Acupuncture and Stress Relief


STRESS. Unfortunately, most people are very familiar with this word. Not a day goes by without patients telling me about the impact of stress on their lives. Symptoms such as headaches, insomnia, neck/back tension, and jaw clenching are all very common manifestations of stress. Managing stress is essential to maintaining optimal health and wellness.

Can acupuncture really help with stress? Yes, both acupuncture and herbs can help manage the mental and physical aspects of stress, but before I get into how Oriental Medicine can help you, lets explore a little about why stress can be so detrimental to your health.

Why should we really care about chronic stress?

Chronic stress is not just an emotion that should be swept under the rug. It is very real, and it can impact health in very negative way. Of course, everyone is going to have stressful events occur in life, but it's when stress becomes a daily norm that people run into health problems. Young, healthy people can often 'get by' even when they are inundated by stress, but eventually the mental and physiological aspects take their toll--fatigue and hormonal imbalances being a couple of the key signs. 

The bottom line is we are not designed to live in a constant state of stress. Our bodies physiologically respond to stress the same way our ancestors' bodies responded to stress. The problem is that the human body cannot really distinguish between extreme levels of stress (such as a lion chasing an ancestor) and less subtle forms of stress (such as running late for an important meeting). Regardless of the stressor, our sympathetic nervous system kicks into full speed as does the adrenal-cortical system. The body prepares to handle the 'threat' by enhancing functions needed for survival. Our muscles tense up, the heart starts beating faster, and blood flows away from any non-essential body systems as we prepare to either fight or flee.

Sympathetic response includes things such as:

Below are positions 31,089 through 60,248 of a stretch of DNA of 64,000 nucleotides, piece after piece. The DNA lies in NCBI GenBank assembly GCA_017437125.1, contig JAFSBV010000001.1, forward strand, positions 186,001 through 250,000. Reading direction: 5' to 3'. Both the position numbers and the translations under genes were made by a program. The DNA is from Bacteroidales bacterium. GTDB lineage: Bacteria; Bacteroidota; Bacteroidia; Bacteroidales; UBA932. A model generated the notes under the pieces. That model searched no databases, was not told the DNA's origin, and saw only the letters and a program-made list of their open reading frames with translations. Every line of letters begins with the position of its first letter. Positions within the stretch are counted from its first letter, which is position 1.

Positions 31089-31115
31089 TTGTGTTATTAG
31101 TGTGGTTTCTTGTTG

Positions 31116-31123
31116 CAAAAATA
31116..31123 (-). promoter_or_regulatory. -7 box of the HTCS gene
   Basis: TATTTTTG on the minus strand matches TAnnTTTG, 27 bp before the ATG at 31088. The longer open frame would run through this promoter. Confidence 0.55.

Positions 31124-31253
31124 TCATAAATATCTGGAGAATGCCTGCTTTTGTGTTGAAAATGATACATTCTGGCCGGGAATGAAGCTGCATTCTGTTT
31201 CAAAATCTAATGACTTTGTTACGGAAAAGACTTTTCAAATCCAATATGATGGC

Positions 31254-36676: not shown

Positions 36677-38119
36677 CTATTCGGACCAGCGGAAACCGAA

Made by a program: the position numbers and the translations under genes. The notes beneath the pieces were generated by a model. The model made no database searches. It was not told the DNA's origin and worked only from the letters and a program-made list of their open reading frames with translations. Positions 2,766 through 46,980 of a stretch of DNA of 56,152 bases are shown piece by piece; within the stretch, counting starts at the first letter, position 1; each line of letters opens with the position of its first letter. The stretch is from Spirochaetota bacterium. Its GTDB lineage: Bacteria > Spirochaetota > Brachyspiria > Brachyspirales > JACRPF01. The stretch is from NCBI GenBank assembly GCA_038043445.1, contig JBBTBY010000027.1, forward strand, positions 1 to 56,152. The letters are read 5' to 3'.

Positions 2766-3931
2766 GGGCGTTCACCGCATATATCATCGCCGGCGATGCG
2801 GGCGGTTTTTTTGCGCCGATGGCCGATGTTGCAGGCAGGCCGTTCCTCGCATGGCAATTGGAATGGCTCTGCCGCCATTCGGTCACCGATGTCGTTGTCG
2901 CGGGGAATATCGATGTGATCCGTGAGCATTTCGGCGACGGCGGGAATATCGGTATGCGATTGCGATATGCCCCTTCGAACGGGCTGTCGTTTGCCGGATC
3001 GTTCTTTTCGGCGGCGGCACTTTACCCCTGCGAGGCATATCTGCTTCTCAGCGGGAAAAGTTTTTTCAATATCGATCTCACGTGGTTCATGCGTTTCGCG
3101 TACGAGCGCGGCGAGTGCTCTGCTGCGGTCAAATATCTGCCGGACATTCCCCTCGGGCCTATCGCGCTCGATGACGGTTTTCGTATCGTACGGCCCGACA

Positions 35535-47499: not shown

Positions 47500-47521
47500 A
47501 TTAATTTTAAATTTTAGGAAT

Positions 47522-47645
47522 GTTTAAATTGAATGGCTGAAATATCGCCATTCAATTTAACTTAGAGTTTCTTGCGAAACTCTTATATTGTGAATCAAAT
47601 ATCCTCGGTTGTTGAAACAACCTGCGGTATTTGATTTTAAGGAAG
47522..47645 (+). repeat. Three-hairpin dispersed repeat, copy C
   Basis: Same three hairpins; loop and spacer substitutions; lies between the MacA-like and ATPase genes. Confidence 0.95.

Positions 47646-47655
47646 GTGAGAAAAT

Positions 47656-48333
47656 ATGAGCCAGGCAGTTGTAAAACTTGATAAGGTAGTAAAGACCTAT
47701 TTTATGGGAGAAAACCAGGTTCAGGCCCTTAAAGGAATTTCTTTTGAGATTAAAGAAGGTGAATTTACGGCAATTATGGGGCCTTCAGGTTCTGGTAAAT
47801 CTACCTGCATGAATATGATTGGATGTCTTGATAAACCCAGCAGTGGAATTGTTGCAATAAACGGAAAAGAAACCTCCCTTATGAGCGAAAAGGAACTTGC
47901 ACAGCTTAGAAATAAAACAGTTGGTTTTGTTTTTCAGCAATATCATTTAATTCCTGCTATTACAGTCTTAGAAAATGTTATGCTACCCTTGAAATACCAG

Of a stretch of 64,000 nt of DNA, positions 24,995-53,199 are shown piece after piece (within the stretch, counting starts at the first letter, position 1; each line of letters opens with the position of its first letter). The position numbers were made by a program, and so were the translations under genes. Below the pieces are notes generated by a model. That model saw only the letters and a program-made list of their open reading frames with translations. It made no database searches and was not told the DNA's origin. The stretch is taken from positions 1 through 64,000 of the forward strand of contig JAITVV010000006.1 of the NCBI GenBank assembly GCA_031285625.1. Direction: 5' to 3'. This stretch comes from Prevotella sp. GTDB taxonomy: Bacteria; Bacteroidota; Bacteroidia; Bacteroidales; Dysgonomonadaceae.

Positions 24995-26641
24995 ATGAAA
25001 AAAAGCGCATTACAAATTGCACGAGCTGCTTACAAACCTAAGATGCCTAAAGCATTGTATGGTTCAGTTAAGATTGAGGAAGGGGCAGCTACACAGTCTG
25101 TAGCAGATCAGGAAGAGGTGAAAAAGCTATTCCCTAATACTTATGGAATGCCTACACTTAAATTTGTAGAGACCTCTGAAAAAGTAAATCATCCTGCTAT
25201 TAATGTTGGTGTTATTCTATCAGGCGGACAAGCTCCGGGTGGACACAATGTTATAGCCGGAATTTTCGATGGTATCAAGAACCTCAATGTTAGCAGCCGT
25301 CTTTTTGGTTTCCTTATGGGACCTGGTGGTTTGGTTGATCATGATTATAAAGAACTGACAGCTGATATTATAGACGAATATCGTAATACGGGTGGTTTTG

increased blood pressure
increased heart rate
increased adrenaline and cortisol (which leads to hormone imbalances and weight gain)
decreased digestion
decreased bone formation and protein synthesis
decreased sexual function
the list goes on and on.....

As people fall into these stressed out patterns, it becomes increasingly difficult to 'turn off' the sympathetic (fight or flight) response.

The parasympathetic system is on the other side of the spectrum. This system is responsible for body functions when we are in a relaxed state of mind. The parasympathetic system is the 'rest and digest' or 'rest and repair' mode. Heart rate slows, muscles relax, digestion resumes. The body can focus more on restoring the body in this relaxed state. Acupuncture can help activate the parasympathetic response.  

Stress, the adrenal glands, and hormones

There has been a lot of talk recently in health circles about the adrenal glands and cortisol levels. I will do a post in the future going more into depth about the adrenal glands and their impact on health, but for now we will just cover the basics. 

The hypothalamus-pituitary-adrenal axis (HPA Axis) plays a prominent role in how our bodies respond to stress. The hypothalamus releases Corticotropin Releasing Hormone (CRH) which tells the pituitary gland to release Adrenocorticotropin (ACTH). This hormone signals the adrenal glands to secrete cortisol and other hormones such as adrenaline in order to prepare our bodies to fight or flee from the perceived threat.